Immediately east of the town of Leadville, is the site of a vast abandoned silver mine. Pocked with all manner of twisted and decaying mining structures the disaster area takes on an immense and tragic beauty. Thousands of waste rocks and smelting piles litter the desolate landscape, standing in sharp relief to the area’s stunning skies.
The California Gulch/Yak Tunnel mining area was originally staked as part of Colorado’s gold rush. The district’s biggest claim to fame didn’t come until two decades later when, in 1879, speculators found repositories of silver large enough that it single-handedly spurred what became known as the Colorado Silver Boom. Though silver mining had petered-out by the end of the 1800s, the last mine in operation didn’t close its doors until 1999, leaving the mining district officially forsaken.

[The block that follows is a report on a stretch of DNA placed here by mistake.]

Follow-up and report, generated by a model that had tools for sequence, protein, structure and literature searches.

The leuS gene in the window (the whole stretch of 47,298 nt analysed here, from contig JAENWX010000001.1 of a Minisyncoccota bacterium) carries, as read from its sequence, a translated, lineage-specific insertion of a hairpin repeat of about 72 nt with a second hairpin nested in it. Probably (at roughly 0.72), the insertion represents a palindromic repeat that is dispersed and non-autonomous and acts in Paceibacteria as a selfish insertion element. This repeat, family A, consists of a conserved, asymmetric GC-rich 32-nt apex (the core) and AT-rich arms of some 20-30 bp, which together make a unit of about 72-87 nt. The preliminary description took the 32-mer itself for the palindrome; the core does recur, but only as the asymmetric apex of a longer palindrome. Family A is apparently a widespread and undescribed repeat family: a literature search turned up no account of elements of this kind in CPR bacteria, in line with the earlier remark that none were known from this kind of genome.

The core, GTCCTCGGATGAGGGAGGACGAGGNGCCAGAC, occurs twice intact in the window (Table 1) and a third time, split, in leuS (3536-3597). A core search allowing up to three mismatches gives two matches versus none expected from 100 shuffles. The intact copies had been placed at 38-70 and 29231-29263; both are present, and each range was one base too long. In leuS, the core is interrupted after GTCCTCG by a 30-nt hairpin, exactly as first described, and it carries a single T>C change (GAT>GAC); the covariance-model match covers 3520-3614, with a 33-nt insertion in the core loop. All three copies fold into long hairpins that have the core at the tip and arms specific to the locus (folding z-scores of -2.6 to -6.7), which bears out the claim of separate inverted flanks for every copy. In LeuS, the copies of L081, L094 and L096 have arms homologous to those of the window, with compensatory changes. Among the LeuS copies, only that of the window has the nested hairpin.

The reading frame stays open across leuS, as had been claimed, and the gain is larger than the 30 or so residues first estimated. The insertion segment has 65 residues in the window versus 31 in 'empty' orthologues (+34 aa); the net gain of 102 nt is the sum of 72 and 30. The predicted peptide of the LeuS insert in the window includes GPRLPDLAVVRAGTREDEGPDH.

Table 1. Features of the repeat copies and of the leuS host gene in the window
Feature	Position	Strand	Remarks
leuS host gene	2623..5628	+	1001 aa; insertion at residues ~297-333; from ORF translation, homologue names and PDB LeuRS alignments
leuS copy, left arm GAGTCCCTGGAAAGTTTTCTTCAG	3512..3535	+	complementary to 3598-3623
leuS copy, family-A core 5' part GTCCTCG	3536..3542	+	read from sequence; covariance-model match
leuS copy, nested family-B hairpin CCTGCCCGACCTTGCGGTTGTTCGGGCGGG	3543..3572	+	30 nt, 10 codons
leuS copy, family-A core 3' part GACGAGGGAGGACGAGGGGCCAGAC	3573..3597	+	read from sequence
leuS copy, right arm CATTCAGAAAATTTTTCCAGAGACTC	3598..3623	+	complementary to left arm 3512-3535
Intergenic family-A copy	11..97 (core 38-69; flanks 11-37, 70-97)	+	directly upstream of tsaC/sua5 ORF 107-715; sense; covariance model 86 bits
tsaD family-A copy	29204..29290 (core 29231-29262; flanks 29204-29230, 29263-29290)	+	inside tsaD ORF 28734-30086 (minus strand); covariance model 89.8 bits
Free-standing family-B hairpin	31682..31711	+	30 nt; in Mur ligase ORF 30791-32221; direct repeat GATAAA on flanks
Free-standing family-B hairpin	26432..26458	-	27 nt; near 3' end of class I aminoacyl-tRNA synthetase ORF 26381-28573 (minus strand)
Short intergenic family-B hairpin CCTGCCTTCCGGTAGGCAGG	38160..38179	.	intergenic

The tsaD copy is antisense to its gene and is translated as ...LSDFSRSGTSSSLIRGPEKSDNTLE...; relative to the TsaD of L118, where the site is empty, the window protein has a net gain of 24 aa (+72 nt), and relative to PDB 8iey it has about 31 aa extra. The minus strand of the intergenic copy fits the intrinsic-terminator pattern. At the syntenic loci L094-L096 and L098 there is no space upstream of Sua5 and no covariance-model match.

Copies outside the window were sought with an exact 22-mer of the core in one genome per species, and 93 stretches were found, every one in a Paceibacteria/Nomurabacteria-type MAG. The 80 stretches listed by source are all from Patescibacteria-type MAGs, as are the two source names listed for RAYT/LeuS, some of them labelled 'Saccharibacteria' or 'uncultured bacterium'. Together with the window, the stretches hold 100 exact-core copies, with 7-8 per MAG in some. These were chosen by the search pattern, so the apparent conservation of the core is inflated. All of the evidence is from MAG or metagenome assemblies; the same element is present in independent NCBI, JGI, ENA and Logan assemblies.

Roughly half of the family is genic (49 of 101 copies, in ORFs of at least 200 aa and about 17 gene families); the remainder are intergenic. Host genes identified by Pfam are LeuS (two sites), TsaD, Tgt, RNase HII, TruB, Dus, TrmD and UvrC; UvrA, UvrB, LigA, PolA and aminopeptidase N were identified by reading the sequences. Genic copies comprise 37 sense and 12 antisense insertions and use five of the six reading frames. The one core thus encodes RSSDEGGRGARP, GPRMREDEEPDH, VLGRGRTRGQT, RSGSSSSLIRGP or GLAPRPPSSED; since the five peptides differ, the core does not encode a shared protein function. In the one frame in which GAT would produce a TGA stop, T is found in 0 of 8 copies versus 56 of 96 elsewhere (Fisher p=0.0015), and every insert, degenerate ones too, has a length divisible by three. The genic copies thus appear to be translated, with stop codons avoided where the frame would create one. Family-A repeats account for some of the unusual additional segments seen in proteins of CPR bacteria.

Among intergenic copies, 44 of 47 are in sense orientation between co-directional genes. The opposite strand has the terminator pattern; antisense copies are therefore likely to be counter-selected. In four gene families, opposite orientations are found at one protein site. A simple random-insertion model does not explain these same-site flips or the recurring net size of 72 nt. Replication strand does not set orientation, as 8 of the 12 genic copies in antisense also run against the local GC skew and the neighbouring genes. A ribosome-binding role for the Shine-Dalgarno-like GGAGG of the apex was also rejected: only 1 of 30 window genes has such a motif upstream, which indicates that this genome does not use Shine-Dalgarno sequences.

The greater Leadville area was designated a Superfund site in 1983 after the Environmental Protection Agency determined that public health and the environment were in danger due to high levels of lead in the soil and toxic substances (including arsenic) flowing directly into the groundwater and Arkansas River.
Note: Tasting the dirt and water is a bad idea, and therefore it is not advised to take young children or geologists to this site.
Know Before You Go
Drive due east of the town of Leadville, following the snaking county roads through the area.